O’Connell’s movement was backed by thousands of Irish-American dollars collected from Repeal Associations in almost every state. Prominent politicians like the future President, Senator James Buchanan of Pennsylvania, former President Martin Van Buren, and Governor William H. Seward of New York spoke out on behalf of repeal. Horace Greeley placed himself and the New York Tribune behind it. Robert Tyler, President John Tyler’s son, became the Repeal Movement’s national leader. “All I know is that I love Irishmen and hate tyranny in every form,” he said.
Some of these men were sincere, but others were simply pandering to the already substantial Irish vote. The emotional Celts found irresistible, for instance, such bunkum as Alabama Democrat Felix Grundy McConnell’s 1846 House resolution, calling on the United States to annex Ireland.
The Irish-American agitation for Ireland collided with a growing hostility to the Irish in the United States, which soon coalesced around the Know-Nothing movement. During an 1841 visit to London, publisher George Putnam told the English that the repeal movement violated the “recognized policy and practice of the American people which from Washington to the present time has been opposed to all interference with the affairs of foreign states.” He added that repeal sentiment was confined to natives of Ireland who were not worthy of being American citizens. Numerous newspapers expressed similar sentiments.
But it was not the hostility of the Wasps that wrecked the repeal movement. Early in 1842 Daniel O’Connell sent an “Address to the People of Ireland to their Countrymen and Countrywomen in America.” Its central message was summed up in the words: “Join with the abolitionists everywhere! They are the only consistent advocates of Liberty.” Irish-Americans were appalled. Enrolled almost to a man in the Democratic party, they detested abolitionism. They had barely swallowed this apple of discord when O’Connell announced that home rule would make the Irish so loyal to England, they would fight her enemies anywhere, including the Americans in disputed Oregon.
The two statements virtually annihilated the repeal movement in America. The reaction crystallized two basic traits of Irish-American nationalism that were to change very little for the next century. Again and again, the Irish-Americans would find themselves whipsawed between love for their tormented native land and loyalty to the United States, the nation that had given them dignity, power, and freedom. A related theme was inexorable divergence between the Irish who stayed in Ireland and the American Irish. Ulster-born Archbishop John Hughes of New York, the leading American prelate, replied to O’Connell’s praise of abolition, “I am no friend to slavery, but I am still less friendly to any attempt of foreign origin to abolish it.”
O’Connell died in 1847, the same year the famine reached its height. It was now the turn of more violent men. The Young Ireland movement rose to challenge British power with guns and pikes. Its leaders were city and town liberals, including some Protestants as well as Catholics, who tried to make nationalism transcend sectarian hatreds. But they were long on rhetoric and short on organization, and had few contacts among the Catholic peasants who were their potential troops.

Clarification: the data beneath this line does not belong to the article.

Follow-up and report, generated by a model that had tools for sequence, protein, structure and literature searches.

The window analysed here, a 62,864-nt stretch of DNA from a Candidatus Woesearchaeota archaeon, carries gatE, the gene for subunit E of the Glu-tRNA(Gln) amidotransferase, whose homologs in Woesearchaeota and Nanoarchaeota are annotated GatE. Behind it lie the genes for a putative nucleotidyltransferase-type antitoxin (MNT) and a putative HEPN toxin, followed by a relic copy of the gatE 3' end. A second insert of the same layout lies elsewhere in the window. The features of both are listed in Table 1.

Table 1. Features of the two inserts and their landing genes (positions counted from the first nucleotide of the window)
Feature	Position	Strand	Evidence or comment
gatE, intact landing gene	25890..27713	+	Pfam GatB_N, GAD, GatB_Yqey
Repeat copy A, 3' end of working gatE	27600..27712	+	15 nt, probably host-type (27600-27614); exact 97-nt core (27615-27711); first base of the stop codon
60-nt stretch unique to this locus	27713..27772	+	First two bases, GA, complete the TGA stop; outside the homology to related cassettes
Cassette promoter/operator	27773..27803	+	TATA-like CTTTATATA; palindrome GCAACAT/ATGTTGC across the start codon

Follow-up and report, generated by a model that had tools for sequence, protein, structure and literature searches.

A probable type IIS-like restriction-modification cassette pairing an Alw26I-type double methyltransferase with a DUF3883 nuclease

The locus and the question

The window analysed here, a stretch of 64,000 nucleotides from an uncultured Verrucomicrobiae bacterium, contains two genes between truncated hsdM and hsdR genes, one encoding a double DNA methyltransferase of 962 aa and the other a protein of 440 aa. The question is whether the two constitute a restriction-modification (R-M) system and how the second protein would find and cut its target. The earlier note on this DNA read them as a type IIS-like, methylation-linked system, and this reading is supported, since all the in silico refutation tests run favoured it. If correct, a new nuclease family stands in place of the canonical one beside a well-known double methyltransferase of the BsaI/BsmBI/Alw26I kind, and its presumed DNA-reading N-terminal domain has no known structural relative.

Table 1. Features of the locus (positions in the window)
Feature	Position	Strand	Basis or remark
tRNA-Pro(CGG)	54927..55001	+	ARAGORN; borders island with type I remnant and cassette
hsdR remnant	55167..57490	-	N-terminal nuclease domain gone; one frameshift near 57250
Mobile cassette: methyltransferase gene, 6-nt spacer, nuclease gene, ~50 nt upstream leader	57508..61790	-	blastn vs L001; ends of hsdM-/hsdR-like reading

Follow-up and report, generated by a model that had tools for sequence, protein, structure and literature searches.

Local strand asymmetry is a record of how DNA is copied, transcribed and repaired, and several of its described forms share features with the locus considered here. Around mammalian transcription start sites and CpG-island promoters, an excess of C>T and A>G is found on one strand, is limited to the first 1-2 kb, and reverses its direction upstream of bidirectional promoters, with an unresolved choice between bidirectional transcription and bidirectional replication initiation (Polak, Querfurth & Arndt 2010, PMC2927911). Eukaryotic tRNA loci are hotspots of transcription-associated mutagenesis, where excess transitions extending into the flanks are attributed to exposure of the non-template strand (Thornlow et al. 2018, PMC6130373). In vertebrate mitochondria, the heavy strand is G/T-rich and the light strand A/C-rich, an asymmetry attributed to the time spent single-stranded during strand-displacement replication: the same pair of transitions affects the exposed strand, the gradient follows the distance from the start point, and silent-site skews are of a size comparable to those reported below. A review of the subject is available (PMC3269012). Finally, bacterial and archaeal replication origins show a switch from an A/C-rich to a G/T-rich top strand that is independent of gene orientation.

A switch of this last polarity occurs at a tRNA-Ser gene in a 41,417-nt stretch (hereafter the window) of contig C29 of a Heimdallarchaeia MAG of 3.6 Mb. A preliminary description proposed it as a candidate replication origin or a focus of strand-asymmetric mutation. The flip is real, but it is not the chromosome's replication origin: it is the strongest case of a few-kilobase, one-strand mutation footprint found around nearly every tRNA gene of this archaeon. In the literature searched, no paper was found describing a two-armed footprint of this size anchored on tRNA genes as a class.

Knowing few if any of these facts, Irish-Americans saw Ireland on the brink of glorious revolution. Dropping all pretensions to nonviolence, the Repeal Confederation held a huge meeting in Washington, D.C., chaired by George Washington Parke Custis, step-grandson of the Father of his Country. Among those seated on the platform was Congressman Abraham Lincoln of Illinois. Senator Edward Hannegan of Indiana thundered a prophecy: “Before the sun shall again have reached this point in his yearly revolution, he will, as he brightens with his radiance the rich verdure of [Ireland’s] soil, look down upon a still more glorious spectacle—her own Green flag floating free on every hill and rampart.” In New York, at another huge public meeting, a five-man directory was set up to raise funds in America and Canada to buy weapons for Ireland. On August 14, 1848, the New York directory staged a vast rally at Vauxhall Garden, the climax of which was the appearance of Archbishop Hughes, who contributed five hundred dollars to the war chest.
The news that shortly arrived from Ireland was anything but glorious. The British had smashed Young Ireland with ruthless efficiency, dispersing its shadow army in a single skirmish in a cabbage patch near the village of Ballingarry. Bitter humiliation was the diet of the American Irish for the next several months, while their nativist foes hooted and sneered. Archbishop Hughes and other members of the Catholic hierarchy vowed never again to trust revolutionary rhetoric.
With few exceptions the American Catholic clergy now became inveterate foes of a violent solution to Ireland’s sorrows. The arrival of Young Ireland leaders, some of them exiled by the British, others escapees from British prisons and penal colonies, only deepened the split. When the Young Irelanders tried to apply their abstract liberal principles to the complexity of Irish-America, they got involved in spectacular quarrels with bishops and politicians.